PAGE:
The Microsoft Publisher Documents utilized as a part of this battle was gone for infecting the victim with the, well known, Pony malware. While Pony is all around archived in specialized capacity it has not been known to utilize the .bar document organize as of not long ago.
Horse is an accreditation collecting bit of malware with other trojan abilities.
Notwithstanding accreditation gathering, it is likewise regularly conveyed as a malware loader and used to contaminate frameworks with extra malware in multi-arrange disease chains.
As researchers at Cisco Talos .,
Talos has observed a small email campaign leveraging the use of Microsoft Publisher files. These .pub files are normally used for the publishing of documents such as newsletters, allowing users to create such documents using familiar office functions such as mail merging.
Unlike other applications within the Microsoft Office suite, Microsoft Publisher does not support a ‘Protected View‘ mode. This is a read only mode which can help end users remain protected from malicious document files. Microsoft Publisher is included and installed by default in Office 365.
Horse is still utilized vigorously as the wellsprings of numerous Pony adaptations spilled in this way making it much less demanding for different noxious performing artists to actualize Pony into their disease chain.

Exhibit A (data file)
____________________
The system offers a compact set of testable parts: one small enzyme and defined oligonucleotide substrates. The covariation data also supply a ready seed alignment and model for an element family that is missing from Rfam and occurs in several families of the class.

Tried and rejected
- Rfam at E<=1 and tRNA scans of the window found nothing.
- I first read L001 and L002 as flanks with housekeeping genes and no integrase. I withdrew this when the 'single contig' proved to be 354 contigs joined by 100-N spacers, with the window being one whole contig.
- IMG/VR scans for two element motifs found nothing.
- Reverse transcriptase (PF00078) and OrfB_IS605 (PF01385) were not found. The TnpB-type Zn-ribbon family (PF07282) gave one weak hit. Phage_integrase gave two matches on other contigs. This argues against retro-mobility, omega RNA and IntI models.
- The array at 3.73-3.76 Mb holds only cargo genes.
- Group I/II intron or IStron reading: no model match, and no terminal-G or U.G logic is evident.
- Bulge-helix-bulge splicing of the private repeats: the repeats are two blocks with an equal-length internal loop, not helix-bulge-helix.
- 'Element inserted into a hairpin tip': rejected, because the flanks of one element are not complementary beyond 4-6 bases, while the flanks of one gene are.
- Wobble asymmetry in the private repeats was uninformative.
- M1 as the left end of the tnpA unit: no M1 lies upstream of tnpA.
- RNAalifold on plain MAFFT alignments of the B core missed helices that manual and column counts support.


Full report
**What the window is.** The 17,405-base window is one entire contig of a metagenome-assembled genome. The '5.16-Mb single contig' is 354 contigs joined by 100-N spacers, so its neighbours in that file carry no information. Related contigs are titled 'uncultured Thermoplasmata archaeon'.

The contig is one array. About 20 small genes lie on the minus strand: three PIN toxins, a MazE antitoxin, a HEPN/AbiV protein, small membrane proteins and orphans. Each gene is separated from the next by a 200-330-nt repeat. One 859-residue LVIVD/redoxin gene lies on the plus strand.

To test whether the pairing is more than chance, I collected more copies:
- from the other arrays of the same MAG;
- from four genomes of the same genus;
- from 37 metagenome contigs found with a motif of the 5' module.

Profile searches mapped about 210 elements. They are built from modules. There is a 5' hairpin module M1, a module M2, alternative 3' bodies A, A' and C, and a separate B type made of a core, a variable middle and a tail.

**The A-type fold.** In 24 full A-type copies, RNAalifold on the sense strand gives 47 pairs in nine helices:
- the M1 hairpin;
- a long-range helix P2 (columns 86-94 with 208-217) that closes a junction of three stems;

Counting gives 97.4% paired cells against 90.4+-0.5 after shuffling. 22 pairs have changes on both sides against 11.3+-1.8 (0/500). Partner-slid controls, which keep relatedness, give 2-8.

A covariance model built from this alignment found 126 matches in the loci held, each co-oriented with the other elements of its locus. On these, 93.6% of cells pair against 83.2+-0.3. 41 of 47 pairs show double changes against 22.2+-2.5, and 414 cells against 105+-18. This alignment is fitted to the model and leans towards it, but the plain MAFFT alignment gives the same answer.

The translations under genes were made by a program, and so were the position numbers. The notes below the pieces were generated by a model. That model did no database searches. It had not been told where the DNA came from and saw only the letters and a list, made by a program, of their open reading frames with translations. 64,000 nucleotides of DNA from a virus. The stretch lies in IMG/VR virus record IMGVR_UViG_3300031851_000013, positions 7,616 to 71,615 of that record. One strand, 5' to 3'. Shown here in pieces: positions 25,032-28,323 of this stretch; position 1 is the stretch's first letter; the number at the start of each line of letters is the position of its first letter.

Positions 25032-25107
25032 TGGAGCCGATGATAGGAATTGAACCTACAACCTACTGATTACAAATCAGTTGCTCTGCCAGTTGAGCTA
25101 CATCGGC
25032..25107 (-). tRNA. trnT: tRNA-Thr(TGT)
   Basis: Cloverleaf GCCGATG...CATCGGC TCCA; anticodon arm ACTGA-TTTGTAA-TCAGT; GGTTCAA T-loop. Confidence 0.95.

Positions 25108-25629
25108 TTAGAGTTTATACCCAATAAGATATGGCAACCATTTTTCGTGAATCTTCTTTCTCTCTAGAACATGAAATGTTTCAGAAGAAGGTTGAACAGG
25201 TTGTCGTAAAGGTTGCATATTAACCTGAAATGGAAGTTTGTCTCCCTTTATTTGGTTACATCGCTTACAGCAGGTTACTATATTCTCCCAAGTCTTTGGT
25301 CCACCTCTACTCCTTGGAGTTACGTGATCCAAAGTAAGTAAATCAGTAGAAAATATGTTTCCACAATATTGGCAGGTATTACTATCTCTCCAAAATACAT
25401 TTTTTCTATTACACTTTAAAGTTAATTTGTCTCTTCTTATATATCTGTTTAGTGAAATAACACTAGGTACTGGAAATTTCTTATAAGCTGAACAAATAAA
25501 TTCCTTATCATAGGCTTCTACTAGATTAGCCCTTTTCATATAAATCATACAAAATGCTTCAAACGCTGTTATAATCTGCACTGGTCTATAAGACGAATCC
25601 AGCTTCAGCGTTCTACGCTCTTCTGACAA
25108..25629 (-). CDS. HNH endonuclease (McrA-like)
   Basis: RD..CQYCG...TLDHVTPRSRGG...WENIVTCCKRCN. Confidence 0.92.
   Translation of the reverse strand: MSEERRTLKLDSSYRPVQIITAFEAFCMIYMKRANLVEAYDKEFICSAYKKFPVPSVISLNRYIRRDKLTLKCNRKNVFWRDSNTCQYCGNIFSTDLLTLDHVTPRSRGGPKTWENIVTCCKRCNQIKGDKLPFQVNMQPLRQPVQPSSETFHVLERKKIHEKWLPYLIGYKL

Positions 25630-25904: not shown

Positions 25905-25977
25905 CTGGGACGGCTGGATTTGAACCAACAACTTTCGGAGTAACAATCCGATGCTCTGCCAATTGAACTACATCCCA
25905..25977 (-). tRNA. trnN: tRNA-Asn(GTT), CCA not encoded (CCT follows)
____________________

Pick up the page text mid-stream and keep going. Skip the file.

The credential-stealing Pony malware is masquerading as Microsoft Publisher documents in an effort to infect unsuspecting users.
The PubThis campaign was delivered using email attachments which is a very common method of infection for old and new malware. The difference here is the use of .pub files. The attached file was delivered to the end user as “skbmt_fax45.pub” the attacker made no attempt to try to hide the file type. Frequently we see attackers hiding the true file type within a .zip compressed file. However, the ‘SKBMT’ name can be misread as part of the ‘SKMBT’ prefix used by Konica Minolta scanner (SKMBT – Scan Konica Minolta Business Technologies). The file was a seemingly legitimate Microsoft Publisher file.
The campaign begins when an attack email containing a Microsoft Publisher document saunters over to an unsuspecting user.
Those individuals behind this campaign don’t seem too worried about that. Otherwise, they would have tried to have concealed the attachment’s file type, such as by hiding it within a compressed .ZIP file. Instead they use some social engineering techniques to bait the user into clicking on the attachment. If they succeed, the user opens the document, which soon after appears to crash.
In the background, there’s a 2MB macro that’s up to no good. The file capitalizes on the user’s confusion by writing a “letten.js” file onto disk. This file comes with its own protective measures.
Talos Said, Upon completion of our analysis we identified the malware payload as Pony. Pony is not a new piece of malware and is well documented and well understood by the security community. Pony is mainly used for password stealing and credential harvesting.